Are Primary and Secondary Provoked Vestibulodynia Two Different Entities?

Are Primary and Secondary Provoked Vestibulodynia Two Different Entities? A Comparison of Pain, Psychosocial, and Sexual Characteristics

Leen Aerts MD, PhD; Sophie Bergeron PhD; Serena Corsini-Munt MA; Marc Steben MD; and Myriam Pâquet BA

ONLINE: May 11, 2015 – The Journal of Sexual Medicine

DOI: DOI: 10.1111/jsm.12907            


Vulvodynia - chronic vulvar pain in women - has a prevalence rate of about 8% in the general population, with provoked vestibulodynia (PVD) being the most common cause in premenopausal women.

For women with PVD, pain is localized to the vulvar vestibule and makes sexual intercourse difficult.

Cases of PVD fall into two categories:

Primary PVD (PVD1). Pain has occurred since a woman’s first attempts at vaginal penetration, including tampon insertion.

Secondary PVD (PVD2). Chronic pain has not always been present. Women can remember a time when intercourse was pain-free.

Past research on PVD1 and PVD2 has had conflicting results, perhaps due to small sample sizes and a limited number of examined variables.

The goal of this study was to compare the sexual and psychological aspects of PVD1 and PVD2 in premenopausal women. The researchers also wanted to learn more about the clinical implications of such a comparison.


Participants completed the following questionnaires to provide demographic information as well as data on their medical and gynecological histories, relationships, and sexual experiences:

• McGill-Malzack Pain Questionnaire
• Female Sexual Function Index
• Global Measure of Sexual Satisfaction
• Trait Anxiety Inventory
• Painful Intercourse Self-Efficacy Scale
• Pain Catastrophizing Scale
• Beck Depression Inventory
• Hurlbert Index of Sexual Assertiveness
• Ambivalence over Emotional Expression Questionnaire
• Dyadic Adjustment Scale – Revised
• Experiences in Close Relationships Scale – Revised


Two hundred sixty-nine women between the ages of 19 and 45 participated in the study. Their mean age was 27.1 years. All women were diagnosed with PVD by a gynecologist. Thirty-five percent had PVD1; the remaining 65% had PVD2.

Approximately 22% of the women did not have sexual intercourse. Thirty-six percent of this subgroup named pain as one of the reasons for not doing so.

When the PVD1 and PVD2 groups were compared, researchers found no significant differences in pain, sexual functioning, sexual satisfaction, psychological factors, and relationship factors.

However, on average, both groups scored in the clinical range for sexual dysfunction and impaired psychological functioning.


Women with PVD1 tended to be younger than those with PVD2, most likely because they had been experiencing PVD from their first vaginal penetration. The authors suggested that because women with PVD1 started having pain at such a young age, they might become “insecure” and not pursue sexual relationships.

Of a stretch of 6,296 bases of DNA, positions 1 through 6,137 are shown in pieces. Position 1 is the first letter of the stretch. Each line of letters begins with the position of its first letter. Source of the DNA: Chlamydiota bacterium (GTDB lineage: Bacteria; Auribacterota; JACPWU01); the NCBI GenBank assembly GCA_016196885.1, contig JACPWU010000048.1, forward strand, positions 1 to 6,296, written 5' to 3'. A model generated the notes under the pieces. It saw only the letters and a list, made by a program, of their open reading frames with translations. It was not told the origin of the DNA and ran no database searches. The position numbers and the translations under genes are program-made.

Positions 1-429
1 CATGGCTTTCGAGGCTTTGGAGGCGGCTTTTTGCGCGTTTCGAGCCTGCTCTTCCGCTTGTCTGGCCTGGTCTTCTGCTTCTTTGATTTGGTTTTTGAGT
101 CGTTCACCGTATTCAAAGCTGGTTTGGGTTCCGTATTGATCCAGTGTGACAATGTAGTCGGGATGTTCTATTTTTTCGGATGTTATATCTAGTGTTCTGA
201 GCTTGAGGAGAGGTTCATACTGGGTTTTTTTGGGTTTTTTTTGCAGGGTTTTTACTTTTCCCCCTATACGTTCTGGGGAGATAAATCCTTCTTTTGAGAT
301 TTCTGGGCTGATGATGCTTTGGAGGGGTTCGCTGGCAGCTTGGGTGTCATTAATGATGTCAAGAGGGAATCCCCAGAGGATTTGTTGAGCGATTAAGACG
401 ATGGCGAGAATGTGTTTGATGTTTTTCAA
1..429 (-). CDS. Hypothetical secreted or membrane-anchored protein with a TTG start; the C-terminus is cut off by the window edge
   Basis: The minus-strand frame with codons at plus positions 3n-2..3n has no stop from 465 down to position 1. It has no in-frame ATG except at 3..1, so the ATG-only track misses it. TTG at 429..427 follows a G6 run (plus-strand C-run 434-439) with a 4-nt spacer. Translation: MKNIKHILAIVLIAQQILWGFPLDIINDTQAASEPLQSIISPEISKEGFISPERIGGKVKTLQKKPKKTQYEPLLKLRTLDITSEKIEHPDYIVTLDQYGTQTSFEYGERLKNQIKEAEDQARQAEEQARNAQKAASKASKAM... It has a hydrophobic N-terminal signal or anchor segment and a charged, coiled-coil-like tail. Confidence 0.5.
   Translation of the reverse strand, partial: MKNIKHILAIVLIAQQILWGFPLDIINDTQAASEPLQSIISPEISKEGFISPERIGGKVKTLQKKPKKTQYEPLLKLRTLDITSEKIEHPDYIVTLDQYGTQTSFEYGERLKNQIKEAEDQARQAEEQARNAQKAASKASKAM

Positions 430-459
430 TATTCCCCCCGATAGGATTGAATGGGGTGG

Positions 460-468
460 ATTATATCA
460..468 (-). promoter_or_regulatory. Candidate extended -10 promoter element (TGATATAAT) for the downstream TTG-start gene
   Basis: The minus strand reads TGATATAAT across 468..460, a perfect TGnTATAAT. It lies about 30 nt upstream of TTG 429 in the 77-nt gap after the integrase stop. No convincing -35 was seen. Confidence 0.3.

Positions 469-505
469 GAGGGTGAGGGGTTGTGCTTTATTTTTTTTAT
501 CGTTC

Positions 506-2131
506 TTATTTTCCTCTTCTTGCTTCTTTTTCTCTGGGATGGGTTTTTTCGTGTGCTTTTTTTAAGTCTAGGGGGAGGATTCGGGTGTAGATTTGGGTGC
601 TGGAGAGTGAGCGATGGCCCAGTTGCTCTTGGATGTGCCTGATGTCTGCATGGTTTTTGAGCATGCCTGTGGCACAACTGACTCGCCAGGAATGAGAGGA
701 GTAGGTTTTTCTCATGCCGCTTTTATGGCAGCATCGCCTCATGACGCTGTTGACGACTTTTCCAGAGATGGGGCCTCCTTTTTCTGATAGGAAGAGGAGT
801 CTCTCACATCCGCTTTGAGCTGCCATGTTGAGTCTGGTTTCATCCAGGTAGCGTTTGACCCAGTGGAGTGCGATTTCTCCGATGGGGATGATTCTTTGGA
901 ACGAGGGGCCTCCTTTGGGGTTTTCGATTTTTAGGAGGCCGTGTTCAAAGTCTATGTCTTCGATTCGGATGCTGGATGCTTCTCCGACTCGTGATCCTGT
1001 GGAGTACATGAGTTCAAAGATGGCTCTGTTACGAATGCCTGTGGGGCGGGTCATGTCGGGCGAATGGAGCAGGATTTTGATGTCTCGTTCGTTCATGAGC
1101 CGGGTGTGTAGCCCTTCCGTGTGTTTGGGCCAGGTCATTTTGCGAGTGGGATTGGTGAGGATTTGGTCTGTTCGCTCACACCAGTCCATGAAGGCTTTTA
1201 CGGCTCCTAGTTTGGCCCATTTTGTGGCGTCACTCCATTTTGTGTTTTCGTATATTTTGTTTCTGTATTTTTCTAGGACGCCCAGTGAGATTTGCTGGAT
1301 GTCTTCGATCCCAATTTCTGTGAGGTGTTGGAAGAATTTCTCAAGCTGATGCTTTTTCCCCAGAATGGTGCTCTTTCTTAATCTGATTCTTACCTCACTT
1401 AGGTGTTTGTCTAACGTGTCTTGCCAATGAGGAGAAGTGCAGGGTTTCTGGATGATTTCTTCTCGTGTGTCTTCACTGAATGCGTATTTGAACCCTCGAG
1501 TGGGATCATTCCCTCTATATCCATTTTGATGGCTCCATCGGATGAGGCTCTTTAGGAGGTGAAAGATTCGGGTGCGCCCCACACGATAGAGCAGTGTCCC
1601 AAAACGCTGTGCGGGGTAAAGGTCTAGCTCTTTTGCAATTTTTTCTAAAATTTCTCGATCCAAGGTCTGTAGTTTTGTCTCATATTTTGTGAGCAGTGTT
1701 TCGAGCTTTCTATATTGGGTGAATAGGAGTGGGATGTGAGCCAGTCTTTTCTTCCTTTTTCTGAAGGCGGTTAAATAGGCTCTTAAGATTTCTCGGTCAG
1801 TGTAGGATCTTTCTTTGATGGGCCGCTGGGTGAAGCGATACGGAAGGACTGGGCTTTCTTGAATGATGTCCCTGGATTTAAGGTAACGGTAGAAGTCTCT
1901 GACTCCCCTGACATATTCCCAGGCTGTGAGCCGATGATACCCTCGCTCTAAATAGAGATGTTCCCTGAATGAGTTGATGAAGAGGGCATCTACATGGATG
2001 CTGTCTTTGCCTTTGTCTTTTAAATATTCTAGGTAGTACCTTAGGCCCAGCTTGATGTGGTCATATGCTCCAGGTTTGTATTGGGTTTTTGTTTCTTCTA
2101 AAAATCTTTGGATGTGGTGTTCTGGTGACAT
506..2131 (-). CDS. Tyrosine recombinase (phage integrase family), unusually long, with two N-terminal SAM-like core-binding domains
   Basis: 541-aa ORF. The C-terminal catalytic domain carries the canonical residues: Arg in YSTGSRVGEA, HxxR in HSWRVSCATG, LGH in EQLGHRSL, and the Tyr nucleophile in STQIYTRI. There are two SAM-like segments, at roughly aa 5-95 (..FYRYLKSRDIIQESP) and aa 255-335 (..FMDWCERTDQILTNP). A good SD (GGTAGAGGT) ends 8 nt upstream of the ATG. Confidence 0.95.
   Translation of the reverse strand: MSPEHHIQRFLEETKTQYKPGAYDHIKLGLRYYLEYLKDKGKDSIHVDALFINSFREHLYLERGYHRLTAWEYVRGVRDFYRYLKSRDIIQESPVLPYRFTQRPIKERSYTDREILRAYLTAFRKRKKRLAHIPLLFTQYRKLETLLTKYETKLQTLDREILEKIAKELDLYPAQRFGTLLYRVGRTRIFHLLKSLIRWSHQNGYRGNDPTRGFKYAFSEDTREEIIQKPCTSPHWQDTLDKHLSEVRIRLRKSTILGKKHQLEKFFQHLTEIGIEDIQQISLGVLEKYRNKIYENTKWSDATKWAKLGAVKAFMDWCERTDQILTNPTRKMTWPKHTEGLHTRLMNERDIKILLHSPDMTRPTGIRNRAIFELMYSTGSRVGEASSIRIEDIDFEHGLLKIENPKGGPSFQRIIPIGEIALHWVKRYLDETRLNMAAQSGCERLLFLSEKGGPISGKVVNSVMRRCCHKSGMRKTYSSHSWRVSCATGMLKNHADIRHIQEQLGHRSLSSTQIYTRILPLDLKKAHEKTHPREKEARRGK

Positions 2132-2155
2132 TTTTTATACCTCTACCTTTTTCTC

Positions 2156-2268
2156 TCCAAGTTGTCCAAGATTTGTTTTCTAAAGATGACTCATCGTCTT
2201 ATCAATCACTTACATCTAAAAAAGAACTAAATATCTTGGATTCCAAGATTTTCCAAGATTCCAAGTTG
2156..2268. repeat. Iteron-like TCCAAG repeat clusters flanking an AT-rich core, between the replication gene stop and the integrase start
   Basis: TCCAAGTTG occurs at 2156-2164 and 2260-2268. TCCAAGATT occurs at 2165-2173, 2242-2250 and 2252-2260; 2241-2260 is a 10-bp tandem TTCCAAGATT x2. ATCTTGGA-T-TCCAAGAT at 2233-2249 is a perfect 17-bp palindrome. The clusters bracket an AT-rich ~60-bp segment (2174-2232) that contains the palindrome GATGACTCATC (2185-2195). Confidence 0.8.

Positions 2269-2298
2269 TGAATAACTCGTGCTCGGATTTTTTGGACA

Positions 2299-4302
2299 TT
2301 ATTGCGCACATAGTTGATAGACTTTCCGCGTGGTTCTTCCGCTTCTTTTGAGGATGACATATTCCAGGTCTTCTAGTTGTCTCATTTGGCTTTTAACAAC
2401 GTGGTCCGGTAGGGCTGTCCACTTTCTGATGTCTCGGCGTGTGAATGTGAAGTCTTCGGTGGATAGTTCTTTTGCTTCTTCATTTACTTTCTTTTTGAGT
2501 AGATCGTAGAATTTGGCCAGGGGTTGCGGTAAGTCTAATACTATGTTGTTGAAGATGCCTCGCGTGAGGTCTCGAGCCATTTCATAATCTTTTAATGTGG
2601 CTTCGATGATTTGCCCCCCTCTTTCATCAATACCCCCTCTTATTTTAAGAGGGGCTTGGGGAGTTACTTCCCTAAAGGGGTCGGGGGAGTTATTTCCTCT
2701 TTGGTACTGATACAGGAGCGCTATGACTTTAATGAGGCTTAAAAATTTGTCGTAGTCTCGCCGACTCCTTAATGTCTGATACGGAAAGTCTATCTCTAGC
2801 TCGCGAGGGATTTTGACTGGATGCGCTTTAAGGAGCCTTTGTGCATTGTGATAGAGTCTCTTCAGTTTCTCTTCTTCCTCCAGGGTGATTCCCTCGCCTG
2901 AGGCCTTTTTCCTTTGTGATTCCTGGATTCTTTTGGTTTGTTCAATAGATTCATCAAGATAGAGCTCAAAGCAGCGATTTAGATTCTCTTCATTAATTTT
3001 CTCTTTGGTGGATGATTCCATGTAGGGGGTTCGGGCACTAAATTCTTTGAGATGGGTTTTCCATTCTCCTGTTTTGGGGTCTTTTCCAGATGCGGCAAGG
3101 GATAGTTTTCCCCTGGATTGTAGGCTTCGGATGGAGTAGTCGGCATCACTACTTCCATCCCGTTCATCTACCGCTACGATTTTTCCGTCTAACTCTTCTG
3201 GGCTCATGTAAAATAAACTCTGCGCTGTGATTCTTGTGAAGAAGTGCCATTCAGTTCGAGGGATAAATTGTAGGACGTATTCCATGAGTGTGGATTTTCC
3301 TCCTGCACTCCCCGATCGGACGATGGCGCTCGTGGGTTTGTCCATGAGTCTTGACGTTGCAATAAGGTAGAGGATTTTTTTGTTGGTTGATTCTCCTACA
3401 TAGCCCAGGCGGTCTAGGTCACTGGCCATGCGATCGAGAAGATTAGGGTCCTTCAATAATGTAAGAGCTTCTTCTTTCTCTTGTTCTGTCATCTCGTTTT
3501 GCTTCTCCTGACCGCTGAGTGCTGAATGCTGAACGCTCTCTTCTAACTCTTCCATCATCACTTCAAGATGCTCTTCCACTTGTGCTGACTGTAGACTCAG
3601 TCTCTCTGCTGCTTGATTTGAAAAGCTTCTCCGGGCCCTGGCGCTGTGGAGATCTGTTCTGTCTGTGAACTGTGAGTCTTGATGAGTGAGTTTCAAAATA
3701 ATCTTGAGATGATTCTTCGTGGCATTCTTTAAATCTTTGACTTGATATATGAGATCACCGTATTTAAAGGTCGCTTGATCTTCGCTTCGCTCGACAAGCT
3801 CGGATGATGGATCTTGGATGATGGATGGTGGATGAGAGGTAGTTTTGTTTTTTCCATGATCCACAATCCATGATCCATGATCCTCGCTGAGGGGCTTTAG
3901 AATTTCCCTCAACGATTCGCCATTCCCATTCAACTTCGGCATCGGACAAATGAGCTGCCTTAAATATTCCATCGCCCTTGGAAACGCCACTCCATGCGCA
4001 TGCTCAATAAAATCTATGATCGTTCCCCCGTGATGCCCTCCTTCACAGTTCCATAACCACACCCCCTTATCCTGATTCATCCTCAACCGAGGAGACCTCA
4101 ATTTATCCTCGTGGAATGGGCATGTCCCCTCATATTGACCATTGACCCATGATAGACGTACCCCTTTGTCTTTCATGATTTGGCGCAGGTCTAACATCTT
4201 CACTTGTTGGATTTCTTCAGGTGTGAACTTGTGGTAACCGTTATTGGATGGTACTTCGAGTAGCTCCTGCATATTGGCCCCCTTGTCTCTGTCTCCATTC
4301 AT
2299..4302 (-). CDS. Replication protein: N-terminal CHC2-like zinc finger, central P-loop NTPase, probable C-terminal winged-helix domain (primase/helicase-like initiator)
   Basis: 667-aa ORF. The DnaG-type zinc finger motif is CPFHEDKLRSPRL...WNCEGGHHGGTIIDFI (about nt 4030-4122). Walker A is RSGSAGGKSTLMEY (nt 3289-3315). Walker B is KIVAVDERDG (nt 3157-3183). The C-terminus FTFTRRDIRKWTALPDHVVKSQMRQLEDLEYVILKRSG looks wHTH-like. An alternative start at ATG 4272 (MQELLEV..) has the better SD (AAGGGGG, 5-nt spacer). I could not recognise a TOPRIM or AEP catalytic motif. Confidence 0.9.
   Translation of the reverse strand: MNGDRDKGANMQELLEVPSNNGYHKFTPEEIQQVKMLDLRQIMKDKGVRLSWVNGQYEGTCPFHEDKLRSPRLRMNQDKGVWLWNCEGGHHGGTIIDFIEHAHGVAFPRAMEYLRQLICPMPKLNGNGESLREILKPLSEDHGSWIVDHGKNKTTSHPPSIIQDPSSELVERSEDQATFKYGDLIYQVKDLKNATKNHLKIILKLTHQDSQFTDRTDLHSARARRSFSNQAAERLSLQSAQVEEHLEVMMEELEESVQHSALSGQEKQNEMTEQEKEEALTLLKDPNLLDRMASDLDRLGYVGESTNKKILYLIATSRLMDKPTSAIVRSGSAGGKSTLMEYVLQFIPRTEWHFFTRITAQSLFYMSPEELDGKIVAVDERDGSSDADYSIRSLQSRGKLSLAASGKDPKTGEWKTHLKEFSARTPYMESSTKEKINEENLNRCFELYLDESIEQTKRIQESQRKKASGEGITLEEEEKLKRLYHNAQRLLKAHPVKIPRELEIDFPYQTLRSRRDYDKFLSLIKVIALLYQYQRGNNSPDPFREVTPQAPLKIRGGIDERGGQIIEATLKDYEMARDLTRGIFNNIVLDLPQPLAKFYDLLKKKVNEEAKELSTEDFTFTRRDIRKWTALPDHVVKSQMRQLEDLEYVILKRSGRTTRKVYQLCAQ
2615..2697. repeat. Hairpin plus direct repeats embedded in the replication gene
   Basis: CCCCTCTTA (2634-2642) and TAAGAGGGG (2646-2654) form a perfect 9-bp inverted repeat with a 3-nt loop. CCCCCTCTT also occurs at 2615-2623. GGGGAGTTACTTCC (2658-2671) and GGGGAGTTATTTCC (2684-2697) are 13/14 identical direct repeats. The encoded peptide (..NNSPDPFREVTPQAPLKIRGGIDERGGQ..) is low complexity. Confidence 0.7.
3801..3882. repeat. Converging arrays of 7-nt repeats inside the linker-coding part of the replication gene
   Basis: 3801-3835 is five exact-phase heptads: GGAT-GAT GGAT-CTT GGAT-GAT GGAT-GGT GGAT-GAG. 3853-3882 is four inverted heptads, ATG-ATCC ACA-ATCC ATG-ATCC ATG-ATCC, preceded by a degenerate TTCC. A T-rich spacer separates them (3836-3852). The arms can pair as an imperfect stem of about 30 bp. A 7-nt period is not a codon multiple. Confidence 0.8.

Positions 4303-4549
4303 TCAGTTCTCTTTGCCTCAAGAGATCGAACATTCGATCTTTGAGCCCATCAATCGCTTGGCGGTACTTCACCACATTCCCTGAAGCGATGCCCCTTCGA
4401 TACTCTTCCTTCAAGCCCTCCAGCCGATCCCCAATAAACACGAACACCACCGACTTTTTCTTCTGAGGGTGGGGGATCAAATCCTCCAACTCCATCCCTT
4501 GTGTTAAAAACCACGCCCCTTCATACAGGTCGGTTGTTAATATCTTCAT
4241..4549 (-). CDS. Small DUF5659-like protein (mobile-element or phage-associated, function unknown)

Women with PVD1 also tended to have pain for a longer period of time compared to the women with PVD2. Again, this could be the result of the early age these women started experiencing PVD1.

Assessments of depression, trait anxiety, pain self-efficacy, catastrophizing, and dyadic adjustment were similar for women in both groups. This finding is in contrast to past studies on PVD subtypes.

The two groups of women were also similar in terms of behavioral avoidance of vaginal penetration, sexual assertiveness, ambivalence over emotional expression, and romantic attachment. “This suggests that although women with PVD1 and PVD2 may differ in terms of their biomedical characteristics, and possibly etiology, they nevertheless present similar psychosocial profiles,” the authors wrote.

Both groups scored below the clinical cutoff point for sexual dysfunction. While there were no differences in types of psychological impairment, women in both groups did have some degree of clinical psychological distress.

The researchers acknowledged several limitations:

• Only premenopausal women younger than age 45 were included, so results cannot be generalized to all women with PVD.
• Factors such as sexual abuse, physical abuse, and hormonal contraceptives were not considered.
• The questionnaires were self-report measures, so social desirability bias could be present.

Women with both types of PVD could benefit from similar psychosocial and sex therapy interventions, the authors noted. “Therefore, clinicians should be sensitive to the sexual and psychosocial needs of women with PVD, regardless of subtype, through provision of accurate education and psychosexual support,” they added.